Microsoft made available to the general public the hugely anticipated Windows 8 Consumer Preview on 29th February. Its ‘no compromise‘ philosophy, combining the excellent Metro UI with a traditional desktop metaphor, had already raised many eyebrows. Too many people wanted to see how well it worked, whether Microsoft had pulled off the ultimate gamble or was going to fall flat on its face; there were, indeed are, questions abound. Fueled by all this, it instantly became one of the most downloaded softwares in the following days, racking up a million downloads on the first day of availability. And I wanted to join in on the downloading and the installation and the exploring and the fun…
Consumer Preview is basically a euphemism for Beta. Despite this monicker, Windows 8 CP has been lauded by most tech pundits for being remarkably stable. A casual and technically inquisitive user can use it as his or her primary OS for most general tasks. Since Windows 8 is a clear departure from most UI paradigms established by previous windows versions, perhaps the best approach would be to try it out on a secondary machine to see how well it suits your day to day workflows and tasks; and also to start getting used to it. Getting a secondary machine is not a very practical approach for most. So the next best way to try out Win8 CP is on a virtual machine.
This post originally started out as a guide on how to set up a virtual machine and go about installing Win8 CP on it. However, by the time I was done, this post turned out to be a log of the various failures during the installation.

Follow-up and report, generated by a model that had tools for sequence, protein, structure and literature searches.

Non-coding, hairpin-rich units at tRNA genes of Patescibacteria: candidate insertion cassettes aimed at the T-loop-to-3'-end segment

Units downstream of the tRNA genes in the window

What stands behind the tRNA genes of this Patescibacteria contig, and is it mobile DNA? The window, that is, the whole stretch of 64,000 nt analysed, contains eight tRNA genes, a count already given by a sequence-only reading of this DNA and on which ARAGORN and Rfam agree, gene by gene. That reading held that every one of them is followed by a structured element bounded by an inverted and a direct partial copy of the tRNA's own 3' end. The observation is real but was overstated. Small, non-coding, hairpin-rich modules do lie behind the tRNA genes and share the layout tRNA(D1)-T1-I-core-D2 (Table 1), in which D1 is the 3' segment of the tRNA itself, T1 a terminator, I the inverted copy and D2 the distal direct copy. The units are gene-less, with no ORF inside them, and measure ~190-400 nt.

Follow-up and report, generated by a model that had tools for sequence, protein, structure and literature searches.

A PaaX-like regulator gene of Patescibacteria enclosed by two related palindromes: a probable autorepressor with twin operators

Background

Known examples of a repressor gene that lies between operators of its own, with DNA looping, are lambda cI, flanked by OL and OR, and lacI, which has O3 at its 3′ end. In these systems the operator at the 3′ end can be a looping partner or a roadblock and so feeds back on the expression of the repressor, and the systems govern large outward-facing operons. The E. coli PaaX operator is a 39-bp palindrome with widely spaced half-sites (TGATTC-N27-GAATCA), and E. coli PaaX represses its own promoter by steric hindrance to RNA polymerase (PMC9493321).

At my disposal were two laptops – a personal 13” Macbook Pro(mid-2009) and a Lenovo T400 Thinkpad, my work laptop. The Macbook Pro, has a 2.26 GHz Core 2 Duo(P8400) with 8 GB of DDR3-1066MHz RAM, a 500 GB HDD. I am currently running a preview seed of Mountain Lion on this(which perhaps complicated matters).The Lenovo has the exact same CPU, but has only 4 GB of DDR3-1066MHz RAM and a 160 GB HDD. This laptop runs Windows 7 Enterprise Edition 64-bit. Though both have approximately the same amount of free disk space, but the Lenovos’ HDD is fully encrypted, which means disk performance is considerably worse on this laptop.
I started off first with my Macbook, preferring to avoid touching my work laptop for this kind of tinkering. I spent an hour downloading Virtualbox(I should never have deleted the .dmg from an earlier download!) over a very slow connection. Post installation, it got even more frustrating. Virtualbox kept crashing every few minutes during the virtual machine creation process. It took umpteen attempts and a ‘Repair Disk Permissions’ before I managed to get the VM set up. Phew! Now it would be a piece of cake I thought and proceeded to start the VM. I pointed Virtualbox to the Win8 CP .iso file to do a fresh install and……….got greeted by a kernel panic! After a reboot, I tried again and another kernel panic. I guess Virtualbox 4.1.8 does not play well with Mountain Lion(preview).
After the initial setback, I decided to not give up and try to set up Win8 CP on my work laptop. Here I didn’t have to worry about Virtualbox. My work laptop is equipped with VMware Player, which was good enough for my needs. Quickly, and with nary a error, I had the virtual machine ready. I powered it ON to be greeted with this message:
I checked the BIOS settings and indeed, VT was disabled. I enabled it and finding no mention of ‘trusted execution’, ignored it and rebooted the laptop. Yet again, I got the same message. Cursing my luck I ignored the message and foolishly soldiered on only to have my efforts and anticipation thwarted again:
Now, after a bit of research online and finding no way forward I’m quite irritated and frustrated. On my Macbook there is no hope of running Virtualbox, till I get a stable version for Mountain Lion, which is unlikely. And I don’t want to tinker around too much with the BIOS and VMware on my office laptop – explaining all this to our IT team in case something goes wrong will be embarrassing at least and serious at worst. So tomorrow I download the 32 bit version of the Consumer Preview(which is incidentally smaller than the 64 bit version) and do everything all over again.
Hopefully I will have a success story to report…